Storms Collide on Jupiter
NASA's Hubble Space Telescope has captured dramatic
images of two swirling storms on Jupiter as they collided to
form a truly titanic tempest.
October 24, 2000 -- For the first time, scientists have been able to watch two of Jupiter's giant storms, each about half the size of Earth, colliding and merging to form an even bigger tempest. A similar merger centuries ago may have created Jupiter's famous Great Red Spot, a storm that is twice as wide as our planet and at least 300 years old.
"Usually when we've seen two of [the white ovals] approaching each other, they bounce back [apart]," said Glenn Orton, senior research scientist at NASA's Jet Propulsion Laboratory. But this time the storms came together in a complicated dance that scientists recorded using the Hubble Space Telescope and ground-based observatories.
Above: For sixty long years Jupiter's striking white
ovals, pictured here in an image from NASA's Galileo spacecraft,
existed as distinct storms. Since 1998 they've merged to form
a titanic tempest second in size only to the Great Red Spot itself.
Recent observations from the Hubble Space telescope captured
for the first time two of the ovals in the act of coalescing.
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Three white oval storms, in a band of Jupiter's atmosphere farther south than the Great Red Spot, became active about 60 years ago. In the following decades until 1998, they sometimes approached each other but never collided. In early 1998, two of the ovals were approaching each other as Jupiter went out of sight from Earth, behind the Sun. When the planet came back into view, the two had become one.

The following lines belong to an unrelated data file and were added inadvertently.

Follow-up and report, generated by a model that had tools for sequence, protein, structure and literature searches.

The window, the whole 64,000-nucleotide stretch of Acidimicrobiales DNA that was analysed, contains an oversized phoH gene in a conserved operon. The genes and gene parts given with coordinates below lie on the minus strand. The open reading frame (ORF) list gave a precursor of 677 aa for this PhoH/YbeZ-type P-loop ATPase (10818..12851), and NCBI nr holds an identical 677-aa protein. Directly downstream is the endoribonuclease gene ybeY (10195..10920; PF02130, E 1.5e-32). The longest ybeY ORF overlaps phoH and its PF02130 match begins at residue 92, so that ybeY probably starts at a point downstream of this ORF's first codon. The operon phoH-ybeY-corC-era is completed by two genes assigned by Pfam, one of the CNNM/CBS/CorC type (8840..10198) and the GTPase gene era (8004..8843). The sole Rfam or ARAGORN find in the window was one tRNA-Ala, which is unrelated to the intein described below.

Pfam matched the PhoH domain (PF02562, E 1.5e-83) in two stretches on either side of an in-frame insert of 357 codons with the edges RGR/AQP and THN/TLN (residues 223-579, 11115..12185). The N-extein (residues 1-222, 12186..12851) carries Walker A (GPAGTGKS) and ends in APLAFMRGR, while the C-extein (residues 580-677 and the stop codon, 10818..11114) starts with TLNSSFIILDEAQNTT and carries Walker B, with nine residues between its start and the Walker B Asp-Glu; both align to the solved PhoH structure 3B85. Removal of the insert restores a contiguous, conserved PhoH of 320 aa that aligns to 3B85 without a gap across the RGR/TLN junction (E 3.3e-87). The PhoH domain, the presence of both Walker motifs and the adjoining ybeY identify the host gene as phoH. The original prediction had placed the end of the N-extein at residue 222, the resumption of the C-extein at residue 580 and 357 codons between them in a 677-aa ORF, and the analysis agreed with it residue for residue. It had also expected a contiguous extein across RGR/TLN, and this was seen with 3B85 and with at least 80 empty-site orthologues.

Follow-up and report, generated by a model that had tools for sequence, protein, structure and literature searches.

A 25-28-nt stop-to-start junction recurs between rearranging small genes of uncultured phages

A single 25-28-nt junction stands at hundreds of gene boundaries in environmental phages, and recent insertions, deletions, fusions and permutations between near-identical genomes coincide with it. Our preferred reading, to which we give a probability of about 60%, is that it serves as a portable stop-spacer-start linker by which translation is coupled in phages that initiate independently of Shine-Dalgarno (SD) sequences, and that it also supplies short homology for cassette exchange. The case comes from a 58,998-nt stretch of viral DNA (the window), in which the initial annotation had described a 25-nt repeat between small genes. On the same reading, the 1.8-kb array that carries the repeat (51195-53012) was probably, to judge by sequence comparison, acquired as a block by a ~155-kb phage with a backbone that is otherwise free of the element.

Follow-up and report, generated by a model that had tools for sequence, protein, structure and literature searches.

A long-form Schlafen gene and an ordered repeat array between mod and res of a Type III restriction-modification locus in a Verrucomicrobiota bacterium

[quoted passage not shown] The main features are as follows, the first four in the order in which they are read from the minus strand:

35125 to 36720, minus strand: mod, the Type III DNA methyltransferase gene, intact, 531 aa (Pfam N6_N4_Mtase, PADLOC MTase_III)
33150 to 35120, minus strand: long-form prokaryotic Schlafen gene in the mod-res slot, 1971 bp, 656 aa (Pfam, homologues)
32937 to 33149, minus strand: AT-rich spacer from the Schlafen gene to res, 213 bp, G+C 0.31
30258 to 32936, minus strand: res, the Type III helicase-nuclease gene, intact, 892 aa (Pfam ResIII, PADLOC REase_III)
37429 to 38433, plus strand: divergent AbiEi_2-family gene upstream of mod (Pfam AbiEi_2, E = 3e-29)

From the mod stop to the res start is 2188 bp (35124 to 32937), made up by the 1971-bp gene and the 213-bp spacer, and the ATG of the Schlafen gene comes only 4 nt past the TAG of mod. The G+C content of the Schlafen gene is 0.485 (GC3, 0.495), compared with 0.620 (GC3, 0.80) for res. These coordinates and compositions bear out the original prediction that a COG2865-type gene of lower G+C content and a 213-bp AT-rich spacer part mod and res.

"We weren't able to see how they came together that time," Orton said.
Last year, the oval resulting from the 1998 combination approached the remaining one of the original three ovals. Each was a swirling high-pressure vortex, upwelling at the center and spinning winds counterclockwise to about 470 kilometers per hour. One was about 9,000 kilometers across, the other slightly smaller.
Above: These four Hubble Space Telescope images show steps in the consolidation of three "white oval" storms into one over a three-year span of time. [more information]
A third, darker oval, swirling clockwise instead of counterclockwise,
formed temporarily between the two white ovals. That type of
interceding system may be what usually keeps white ovals from
colliding, the team proposed. But in this case, the middle storm
appears to have been pushed even farther south and torn apart
as all three passed near the Great Red Spot last December.
The disappearance of the opposite-swirling storm cleared the way for the two white ovals to meet.
Their collision dance began in March and lasted about three weeks. At the cloud tops, the storms circled around each other counterclockwise, then consolidated into a single oval about one-third wider than either had been beforehand. The ovals' approach and merger was viewed in various wavelengths, showing events at different depths, with a planetary telescope at Pic-du-Midi in France, NASA's Infrared Telescope Facility in Hawaii, and the orbiting Hubble Space Telescope, a facility of NASA and the European Space Agency.
JPL is managed for NASA by the California Institute of Technology, Pasadena. The Hubble Space Telescope is a facility of NASA and the European Space Agency. It is operated by the Space Telescope Science Institute, Baltimore, Md., which is managed for NASA by the Association of Universities for Research in Astronomy in Honolulu, Hawaii.Web Links
When Storm Collide -- NASA/GSFC Astronomy Picture of the Day
White Oval Clouds on Jupiter -- NASA/GSFC Astronomy Picture of the Day
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